Mike Pompeo is speaking during an online meeting with ASEAN foreign ministers on Thursday.
US Secretary of State Mike Pompeo asked Southeast Asian nations on Thursday to go beyond words and act against China’s “bullying” in the disputed South China Sea, promising America will back them up.
Pompeo spoke with counterparts from the Association of Southeast Asian Nations in an annual conference by video due to the coronavirus pandemic. Four of the members - the Philippines, Vietnam, Malaysia and Brunei - have been locked in the long-raging territorial conflict with China, along with Taiwan, over the busy waterway, which Beijing claims almost in its entirety.
Although the US lays no claim to the South China Sea, the Trump administration has recently imposed sanctions on Chinese officials responsible for Beijing’s military buildup in the area. It includes airfields and radar and missile stations on islands constructed atop coral reefs, raising fears China may interfere with freedom of navigation in international waters.
“I think keep going, don’t just speak up but act,” Pompeo told top diplomats from the 10-nation bloc, without elaborating. A State Department spokeswoman said he pressed for a peaceful resolution of the disputes.
“Don’t let the Chinese Communist Party walk over us and our people. You should have confidence and the American will be here in friendship to help you,” he said.
China does not respect democratic values and principles of sovereignty, quality and territorial integrity enshrined in the ASEAN charter, Pompeo said. He cited the US blacklisting of Chinese companies for their roles in constructing islands in the disputed waters that infringe on other states’ claims.
The US has deployed warships and fighter jets for what it calls freedom of navigation and overflight patrols.
There was no immediate comment from China or its foreign minister, Wang Yi, who was participating in the ASEAN meetings and separately met the group’s ministers Wednesday. China has insisted it has right to safeguard its national interests and accuses Washington of interfering in regional affairs.
Vietnamese Foreign Minister Pham Binh Minh, whose country is hosting ASEAN meetings this year, warmed up to Pompeo’s remarks, saying “the ASEAN-US relationship has brought about mutual benefit to both sides.”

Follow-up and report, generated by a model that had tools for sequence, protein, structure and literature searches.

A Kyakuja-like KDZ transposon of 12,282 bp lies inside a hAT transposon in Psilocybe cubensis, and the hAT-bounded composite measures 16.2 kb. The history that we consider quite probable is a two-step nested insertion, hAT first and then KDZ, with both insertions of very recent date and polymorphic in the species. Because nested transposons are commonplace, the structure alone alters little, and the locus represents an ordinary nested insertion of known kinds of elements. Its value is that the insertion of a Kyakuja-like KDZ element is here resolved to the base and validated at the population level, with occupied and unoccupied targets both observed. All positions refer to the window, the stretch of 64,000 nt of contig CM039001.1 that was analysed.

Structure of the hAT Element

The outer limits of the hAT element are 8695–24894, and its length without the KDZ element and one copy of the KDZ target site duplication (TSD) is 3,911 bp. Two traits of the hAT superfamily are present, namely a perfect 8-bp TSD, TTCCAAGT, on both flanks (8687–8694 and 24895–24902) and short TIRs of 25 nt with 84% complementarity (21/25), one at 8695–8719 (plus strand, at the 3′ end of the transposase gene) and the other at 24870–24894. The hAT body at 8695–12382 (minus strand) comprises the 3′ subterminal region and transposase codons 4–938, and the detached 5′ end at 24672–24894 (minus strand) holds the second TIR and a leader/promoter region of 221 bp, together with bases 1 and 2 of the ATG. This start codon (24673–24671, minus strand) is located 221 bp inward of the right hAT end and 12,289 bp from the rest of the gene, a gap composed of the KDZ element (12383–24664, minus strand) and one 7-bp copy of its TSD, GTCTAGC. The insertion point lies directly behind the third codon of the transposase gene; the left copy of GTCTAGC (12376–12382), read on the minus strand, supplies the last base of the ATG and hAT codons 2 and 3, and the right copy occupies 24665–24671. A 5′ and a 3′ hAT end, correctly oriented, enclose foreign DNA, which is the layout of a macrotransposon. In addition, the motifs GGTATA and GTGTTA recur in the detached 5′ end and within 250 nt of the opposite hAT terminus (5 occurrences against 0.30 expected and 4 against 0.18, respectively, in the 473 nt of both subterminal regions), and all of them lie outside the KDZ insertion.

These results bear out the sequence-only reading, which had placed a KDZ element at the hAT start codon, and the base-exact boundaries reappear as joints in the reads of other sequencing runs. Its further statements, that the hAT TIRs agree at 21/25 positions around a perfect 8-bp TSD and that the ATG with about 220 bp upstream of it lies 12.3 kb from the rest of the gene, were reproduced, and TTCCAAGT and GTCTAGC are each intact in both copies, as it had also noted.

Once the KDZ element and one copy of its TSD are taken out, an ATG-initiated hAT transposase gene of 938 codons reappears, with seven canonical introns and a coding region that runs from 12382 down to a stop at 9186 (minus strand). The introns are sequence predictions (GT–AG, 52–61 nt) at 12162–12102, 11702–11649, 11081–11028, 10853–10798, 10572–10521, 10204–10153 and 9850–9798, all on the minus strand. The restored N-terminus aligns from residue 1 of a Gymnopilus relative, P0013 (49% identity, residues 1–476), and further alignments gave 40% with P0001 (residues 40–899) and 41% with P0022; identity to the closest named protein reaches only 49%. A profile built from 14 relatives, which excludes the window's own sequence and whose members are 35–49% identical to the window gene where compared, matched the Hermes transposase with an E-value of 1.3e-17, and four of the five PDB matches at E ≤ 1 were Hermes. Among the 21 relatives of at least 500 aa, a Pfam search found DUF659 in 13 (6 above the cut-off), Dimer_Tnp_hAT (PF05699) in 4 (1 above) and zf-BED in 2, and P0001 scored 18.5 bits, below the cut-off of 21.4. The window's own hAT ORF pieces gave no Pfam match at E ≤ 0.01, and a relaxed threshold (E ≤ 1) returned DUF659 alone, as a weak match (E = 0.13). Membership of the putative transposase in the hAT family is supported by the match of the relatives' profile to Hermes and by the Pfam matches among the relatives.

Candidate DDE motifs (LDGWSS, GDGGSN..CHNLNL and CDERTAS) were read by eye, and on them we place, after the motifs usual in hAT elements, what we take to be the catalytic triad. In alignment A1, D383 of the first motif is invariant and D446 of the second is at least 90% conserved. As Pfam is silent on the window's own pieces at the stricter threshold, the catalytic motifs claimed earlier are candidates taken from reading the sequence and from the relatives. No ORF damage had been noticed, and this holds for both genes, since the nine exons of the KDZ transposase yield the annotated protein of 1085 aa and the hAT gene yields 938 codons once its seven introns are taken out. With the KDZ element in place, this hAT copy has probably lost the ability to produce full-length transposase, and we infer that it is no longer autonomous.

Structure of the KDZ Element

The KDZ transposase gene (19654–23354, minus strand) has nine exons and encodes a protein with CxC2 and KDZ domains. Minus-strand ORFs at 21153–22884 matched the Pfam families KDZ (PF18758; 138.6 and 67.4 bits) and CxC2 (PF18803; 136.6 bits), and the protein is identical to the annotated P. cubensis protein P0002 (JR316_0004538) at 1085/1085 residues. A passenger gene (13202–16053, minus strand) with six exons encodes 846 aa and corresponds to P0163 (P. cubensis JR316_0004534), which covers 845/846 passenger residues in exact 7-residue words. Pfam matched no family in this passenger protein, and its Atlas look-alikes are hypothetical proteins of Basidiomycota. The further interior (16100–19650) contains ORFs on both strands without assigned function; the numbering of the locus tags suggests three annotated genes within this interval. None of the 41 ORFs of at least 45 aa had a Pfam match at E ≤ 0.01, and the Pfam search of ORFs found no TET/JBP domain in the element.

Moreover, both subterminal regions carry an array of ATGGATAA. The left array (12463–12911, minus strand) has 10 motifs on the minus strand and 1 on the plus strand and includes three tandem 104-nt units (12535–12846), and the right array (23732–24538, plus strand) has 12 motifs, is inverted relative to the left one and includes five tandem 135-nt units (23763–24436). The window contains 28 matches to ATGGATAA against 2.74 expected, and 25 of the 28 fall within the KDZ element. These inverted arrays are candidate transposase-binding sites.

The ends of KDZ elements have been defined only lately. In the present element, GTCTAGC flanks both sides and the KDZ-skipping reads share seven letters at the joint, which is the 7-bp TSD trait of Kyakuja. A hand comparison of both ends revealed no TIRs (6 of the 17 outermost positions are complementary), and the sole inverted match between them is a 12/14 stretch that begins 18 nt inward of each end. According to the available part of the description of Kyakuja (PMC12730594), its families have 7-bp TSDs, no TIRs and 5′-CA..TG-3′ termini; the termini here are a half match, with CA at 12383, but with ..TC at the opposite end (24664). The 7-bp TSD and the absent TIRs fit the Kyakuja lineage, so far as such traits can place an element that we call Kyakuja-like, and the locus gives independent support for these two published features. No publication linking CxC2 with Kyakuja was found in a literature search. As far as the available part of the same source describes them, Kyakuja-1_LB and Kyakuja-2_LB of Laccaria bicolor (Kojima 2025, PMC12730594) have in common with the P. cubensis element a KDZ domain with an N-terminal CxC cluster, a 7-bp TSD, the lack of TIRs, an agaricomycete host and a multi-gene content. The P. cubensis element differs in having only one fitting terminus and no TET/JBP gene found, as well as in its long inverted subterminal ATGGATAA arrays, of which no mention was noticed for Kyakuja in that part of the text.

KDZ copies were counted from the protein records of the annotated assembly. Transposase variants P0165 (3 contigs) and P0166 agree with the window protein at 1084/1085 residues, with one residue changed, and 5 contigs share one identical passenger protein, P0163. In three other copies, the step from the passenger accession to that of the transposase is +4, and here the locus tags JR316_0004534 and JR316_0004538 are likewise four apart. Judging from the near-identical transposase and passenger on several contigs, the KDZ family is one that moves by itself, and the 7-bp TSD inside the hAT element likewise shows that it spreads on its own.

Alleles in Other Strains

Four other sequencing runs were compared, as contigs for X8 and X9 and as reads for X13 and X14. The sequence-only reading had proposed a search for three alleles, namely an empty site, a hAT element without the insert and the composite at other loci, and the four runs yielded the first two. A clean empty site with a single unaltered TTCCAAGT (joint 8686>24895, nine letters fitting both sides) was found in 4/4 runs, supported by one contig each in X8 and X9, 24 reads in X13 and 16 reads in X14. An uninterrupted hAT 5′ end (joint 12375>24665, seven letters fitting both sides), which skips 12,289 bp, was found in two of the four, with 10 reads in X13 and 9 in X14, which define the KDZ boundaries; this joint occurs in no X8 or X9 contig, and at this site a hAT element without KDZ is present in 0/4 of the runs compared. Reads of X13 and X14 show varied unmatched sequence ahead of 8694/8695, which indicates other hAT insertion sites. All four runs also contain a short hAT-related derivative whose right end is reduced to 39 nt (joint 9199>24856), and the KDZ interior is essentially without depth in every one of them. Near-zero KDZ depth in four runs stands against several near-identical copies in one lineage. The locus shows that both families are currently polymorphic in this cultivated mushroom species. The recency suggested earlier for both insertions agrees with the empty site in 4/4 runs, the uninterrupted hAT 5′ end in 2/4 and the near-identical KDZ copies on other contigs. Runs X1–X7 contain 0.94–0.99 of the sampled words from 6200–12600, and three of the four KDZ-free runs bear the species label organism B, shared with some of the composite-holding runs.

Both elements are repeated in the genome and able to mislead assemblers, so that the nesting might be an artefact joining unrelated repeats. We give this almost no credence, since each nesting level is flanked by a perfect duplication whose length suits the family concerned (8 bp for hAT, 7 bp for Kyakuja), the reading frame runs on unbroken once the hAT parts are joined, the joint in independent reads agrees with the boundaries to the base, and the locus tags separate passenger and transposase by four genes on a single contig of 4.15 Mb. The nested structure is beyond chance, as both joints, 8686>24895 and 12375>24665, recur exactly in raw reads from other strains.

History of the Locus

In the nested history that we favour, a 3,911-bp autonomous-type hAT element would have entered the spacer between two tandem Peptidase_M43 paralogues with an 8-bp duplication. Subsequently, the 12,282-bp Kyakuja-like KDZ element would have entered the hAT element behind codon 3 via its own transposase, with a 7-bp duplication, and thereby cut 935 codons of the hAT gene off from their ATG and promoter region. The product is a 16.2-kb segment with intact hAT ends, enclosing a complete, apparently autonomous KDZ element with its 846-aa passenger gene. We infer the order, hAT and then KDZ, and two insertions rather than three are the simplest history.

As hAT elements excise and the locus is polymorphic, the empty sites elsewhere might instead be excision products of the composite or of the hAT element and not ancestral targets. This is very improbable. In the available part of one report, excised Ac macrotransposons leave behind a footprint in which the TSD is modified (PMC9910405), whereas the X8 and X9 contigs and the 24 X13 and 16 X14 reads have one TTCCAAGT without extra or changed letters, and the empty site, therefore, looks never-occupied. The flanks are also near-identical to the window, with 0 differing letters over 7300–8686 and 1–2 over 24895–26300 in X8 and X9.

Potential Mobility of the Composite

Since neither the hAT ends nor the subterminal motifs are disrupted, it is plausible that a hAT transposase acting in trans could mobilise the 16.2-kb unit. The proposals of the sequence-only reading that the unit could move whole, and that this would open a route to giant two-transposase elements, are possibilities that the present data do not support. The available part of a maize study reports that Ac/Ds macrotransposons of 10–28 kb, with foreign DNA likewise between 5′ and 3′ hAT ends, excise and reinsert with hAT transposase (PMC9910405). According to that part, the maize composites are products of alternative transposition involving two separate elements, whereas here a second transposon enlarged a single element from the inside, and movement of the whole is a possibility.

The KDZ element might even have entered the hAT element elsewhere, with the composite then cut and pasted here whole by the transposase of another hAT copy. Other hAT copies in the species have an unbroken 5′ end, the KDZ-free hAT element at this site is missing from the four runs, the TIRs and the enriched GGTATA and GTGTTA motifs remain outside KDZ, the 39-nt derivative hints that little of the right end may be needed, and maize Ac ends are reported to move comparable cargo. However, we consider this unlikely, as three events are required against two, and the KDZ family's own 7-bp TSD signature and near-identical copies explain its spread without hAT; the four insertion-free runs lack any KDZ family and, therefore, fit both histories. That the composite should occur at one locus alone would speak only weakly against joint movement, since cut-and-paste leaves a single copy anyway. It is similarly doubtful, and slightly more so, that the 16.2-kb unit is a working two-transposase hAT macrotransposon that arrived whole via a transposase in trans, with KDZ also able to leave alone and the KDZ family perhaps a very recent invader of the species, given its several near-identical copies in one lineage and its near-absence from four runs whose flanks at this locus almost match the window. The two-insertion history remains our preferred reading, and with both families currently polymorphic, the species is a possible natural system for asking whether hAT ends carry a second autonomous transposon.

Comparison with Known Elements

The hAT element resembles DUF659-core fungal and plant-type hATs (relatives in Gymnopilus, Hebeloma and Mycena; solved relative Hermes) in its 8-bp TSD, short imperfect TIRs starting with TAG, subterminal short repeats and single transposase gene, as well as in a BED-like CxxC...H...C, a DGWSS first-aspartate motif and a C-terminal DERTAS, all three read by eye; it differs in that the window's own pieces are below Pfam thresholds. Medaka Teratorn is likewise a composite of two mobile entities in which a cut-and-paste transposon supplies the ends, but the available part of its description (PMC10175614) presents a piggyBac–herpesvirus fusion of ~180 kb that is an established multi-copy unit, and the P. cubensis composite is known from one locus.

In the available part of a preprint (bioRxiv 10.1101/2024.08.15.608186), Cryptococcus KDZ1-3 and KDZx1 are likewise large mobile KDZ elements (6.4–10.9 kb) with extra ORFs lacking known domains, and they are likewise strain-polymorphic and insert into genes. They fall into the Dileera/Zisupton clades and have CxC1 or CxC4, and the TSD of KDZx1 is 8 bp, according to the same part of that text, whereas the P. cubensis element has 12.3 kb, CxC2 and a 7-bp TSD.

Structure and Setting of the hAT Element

“The US role and contribution to maintaining peace, stability and security in the region are encouraged,” he said.
ASEAN, founded in 1967, has struggled to stay away from the escalating rivalry between Washington and Beijing. It has often asserted its “centrality” and regional leadership although some critics dismiss the group as a talk shop that is often vulnerable to the sway of world powers.
Depending on how ASEAN deals with issues, “they can either result in disaster or a new dawn of peace and stability for our region,” Malaysian Foreign Minister Hishammuddin Hussein told colleagues on Tuesday.
“The challenge here is leadership - do we lead or do we follow?” he asked. “Make no mistake - Southeast Asia intends to remain the master of its own destiny.”
Foreign ministry spokesman Zhao Lijian, in tweets last week in both Mandarin and English, suggested that "patient zero" in the global pandemic may have come from the United States — not the Chinese metropolis of Wuhan.
The rivalry between the two superpowers is framed by a trade war that has cramped global growth and seeded uncertainty across Asia's economies.
Esper's comments come at a time when some US officials have blamed China for the coronavirus outbreak. Secretary of State Mike Pompeo said on Sunday Washington had evidence the disease emerged from a Chinese lab, which Beijing strongly denies.
Backed by the Sharjah Chamber of Commerce, the event played host to 500 specialised companies, unveiling the latest and most sought-after designs in watches, jewellery, and gold ornaments from around the world.
The tragedy struck the town of Qaraqosh, in a wedding hall with a capacity of “no more than 400 people,” Interior Minister Amir Al Shammari told a press conference. That night, it held in excess of 900 people, he said.
Sheikh Mohammed Bin Rashid wished the newly appointed judges success in their new roles and highlighted the importance of constantly enhancing the DIFC’s judicial framework.
The light aircraft, which reportedly belonged to RioZim, crashed in the Zvamahande area of Mashava, killing all six onboard — four foreigners and two Zimbabweans, police said. The mid-air crash is suspected to have been caused by a mechanical fault.